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Welcome to the website of the Embassy of the Republic of Serbia in London.


We invite you to have a look at the image above; it is the head of the Roman Emperor Constantine dating from the first quarter of the 4th century of the Christian era. It was excavated in Serbia, where Constantine was born around 274 AD in the city of Naissus (what is today Serbia's second largest city of Niš) in then Roman province of Moesia. This man born in Naissus was in 306 AD acclaimed as Augustus in York in another Roman province, Britannia (what is today United Kingdom). He subsequently laid down foundations of the medieval and post-medieval European Christian civilisation and his life excellently shows how ancient are the links between our two countries.

In Middle Ages Serbia was a prosperous kingdom, while England was beginning its rise as a great European power. In the 15th century the realm of Serbia was conquered by the Ottomans. In early 19th century Serbia re-established its independence. In 1837 the first British consul George Lloyd Hodges came to Serbia thus marking the establishment of diplomatic relations between our two nations. In the 20th century our country fought together with Britain in both world wars.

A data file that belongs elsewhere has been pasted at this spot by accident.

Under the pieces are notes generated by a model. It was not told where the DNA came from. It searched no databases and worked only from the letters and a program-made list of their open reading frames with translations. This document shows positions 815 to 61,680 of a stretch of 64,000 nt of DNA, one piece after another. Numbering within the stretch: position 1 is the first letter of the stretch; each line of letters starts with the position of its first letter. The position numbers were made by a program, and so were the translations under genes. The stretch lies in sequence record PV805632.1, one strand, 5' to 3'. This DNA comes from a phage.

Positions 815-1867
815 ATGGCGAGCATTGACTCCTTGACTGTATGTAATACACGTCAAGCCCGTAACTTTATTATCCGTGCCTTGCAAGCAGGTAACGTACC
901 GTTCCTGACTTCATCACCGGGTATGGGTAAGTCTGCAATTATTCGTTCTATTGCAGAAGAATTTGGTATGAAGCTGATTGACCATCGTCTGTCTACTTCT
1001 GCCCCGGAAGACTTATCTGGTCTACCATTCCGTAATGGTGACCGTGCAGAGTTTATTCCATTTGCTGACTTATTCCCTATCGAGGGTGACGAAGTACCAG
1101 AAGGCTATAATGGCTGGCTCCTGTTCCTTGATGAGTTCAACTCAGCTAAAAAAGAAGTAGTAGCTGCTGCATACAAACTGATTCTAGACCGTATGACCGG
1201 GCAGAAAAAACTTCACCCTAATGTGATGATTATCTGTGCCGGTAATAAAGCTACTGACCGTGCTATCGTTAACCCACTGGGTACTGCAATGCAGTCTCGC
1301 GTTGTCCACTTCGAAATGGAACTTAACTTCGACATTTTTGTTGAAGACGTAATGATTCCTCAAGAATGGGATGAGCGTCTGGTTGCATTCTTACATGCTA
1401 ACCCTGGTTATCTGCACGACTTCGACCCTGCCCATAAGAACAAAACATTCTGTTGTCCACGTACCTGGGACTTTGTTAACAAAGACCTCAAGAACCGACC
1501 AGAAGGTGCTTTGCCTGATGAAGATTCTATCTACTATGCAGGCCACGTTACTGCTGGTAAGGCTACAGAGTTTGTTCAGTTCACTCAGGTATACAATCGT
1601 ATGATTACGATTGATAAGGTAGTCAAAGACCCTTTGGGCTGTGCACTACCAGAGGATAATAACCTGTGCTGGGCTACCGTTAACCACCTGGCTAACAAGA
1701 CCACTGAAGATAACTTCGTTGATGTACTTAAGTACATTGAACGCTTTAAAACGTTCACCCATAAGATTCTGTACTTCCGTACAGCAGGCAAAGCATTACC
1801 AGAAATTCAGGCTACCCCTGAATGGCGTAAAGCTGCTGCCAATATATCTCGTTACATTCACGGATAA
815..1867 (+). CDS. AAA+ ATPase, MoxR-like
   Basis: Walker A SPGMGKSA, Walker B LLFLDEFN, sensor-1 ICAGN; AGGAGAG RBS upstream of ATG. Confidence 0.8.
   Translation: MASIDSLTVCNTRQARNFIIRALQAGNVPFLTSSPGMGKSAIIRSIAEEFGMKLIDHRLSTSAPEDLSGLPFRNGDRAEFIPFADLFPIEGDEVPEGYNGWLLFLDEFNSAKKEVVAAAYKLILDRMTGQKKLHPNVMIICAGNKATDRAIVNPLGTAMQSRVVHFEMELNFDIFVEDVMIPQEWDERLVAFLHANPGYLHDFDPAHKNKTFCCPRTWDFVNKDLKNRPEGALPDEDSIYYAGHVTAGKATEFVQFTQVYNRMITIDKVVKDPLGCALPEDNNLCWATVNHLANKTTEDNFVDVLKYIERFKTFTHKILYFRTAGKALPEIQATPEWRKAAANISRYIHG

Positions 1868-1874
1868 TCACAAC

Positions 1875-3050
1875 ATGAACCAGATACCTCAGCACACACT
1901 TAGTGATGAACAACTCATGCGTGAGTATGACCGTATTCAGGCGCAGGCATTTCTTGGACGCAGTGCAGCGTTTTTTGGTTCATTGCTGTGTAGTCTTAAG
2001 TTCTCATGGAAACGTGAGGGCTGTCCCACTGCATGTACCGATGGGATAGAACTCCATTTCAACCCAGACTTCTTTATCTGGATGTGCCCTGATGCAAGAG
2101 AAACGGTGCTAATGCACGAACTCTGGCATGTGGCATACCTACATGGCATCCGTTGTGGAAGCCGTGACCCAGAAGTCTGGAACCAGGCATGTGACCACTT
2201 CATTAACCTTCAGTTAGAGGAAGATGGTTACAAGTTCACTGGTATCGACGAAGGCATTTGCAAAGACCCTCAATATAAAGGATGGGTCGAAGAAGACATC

In early 21st century Serbia is undergoing major economic and political reforms in order to modernise its society and achieve EU membership. In the past period, Serbia has made a significant improvement on its path towards EU membership. Following the decision of the European Council of June 2013 to open negotiations, the First Intergovernmental Conference on Serbia's EU accession took place on 21 January 2014, on which occasion accession negotiations on membership were formally launched. The initial stage of negotiations- analytical overview and assessment of conformity of Serbian regulations with the EU acquis and their application (screening) had already commenced in September 2013.The United Kingdom is sincerely committed to the enlargement of the EU and thus Serbia enjoys Britain’s support on its European path. We expect that trade and British direct investments in Serbia will significantly expand in the years to come, marked by the accession negotiations, Serbia’s gradual implementation of the EU acquis and its eventual EU membership.

Mutual differences with respect to the problem of Kosovo notwithstanding, Anglo-Serbian relations are very good, deeply rooted in history and soundly based on the common values that we share. A major contribution to these links is given by the members of Serbian diaspora in the United Kingdom, whose number is estimated around 70,000. Fully integrated into the British society due to their diligence and commitment to hard work, they retain their ties with the parent country thus creating a very solid bridge which connects two nations from the different parts of Europe.


Embassy of the Republic of Serbia

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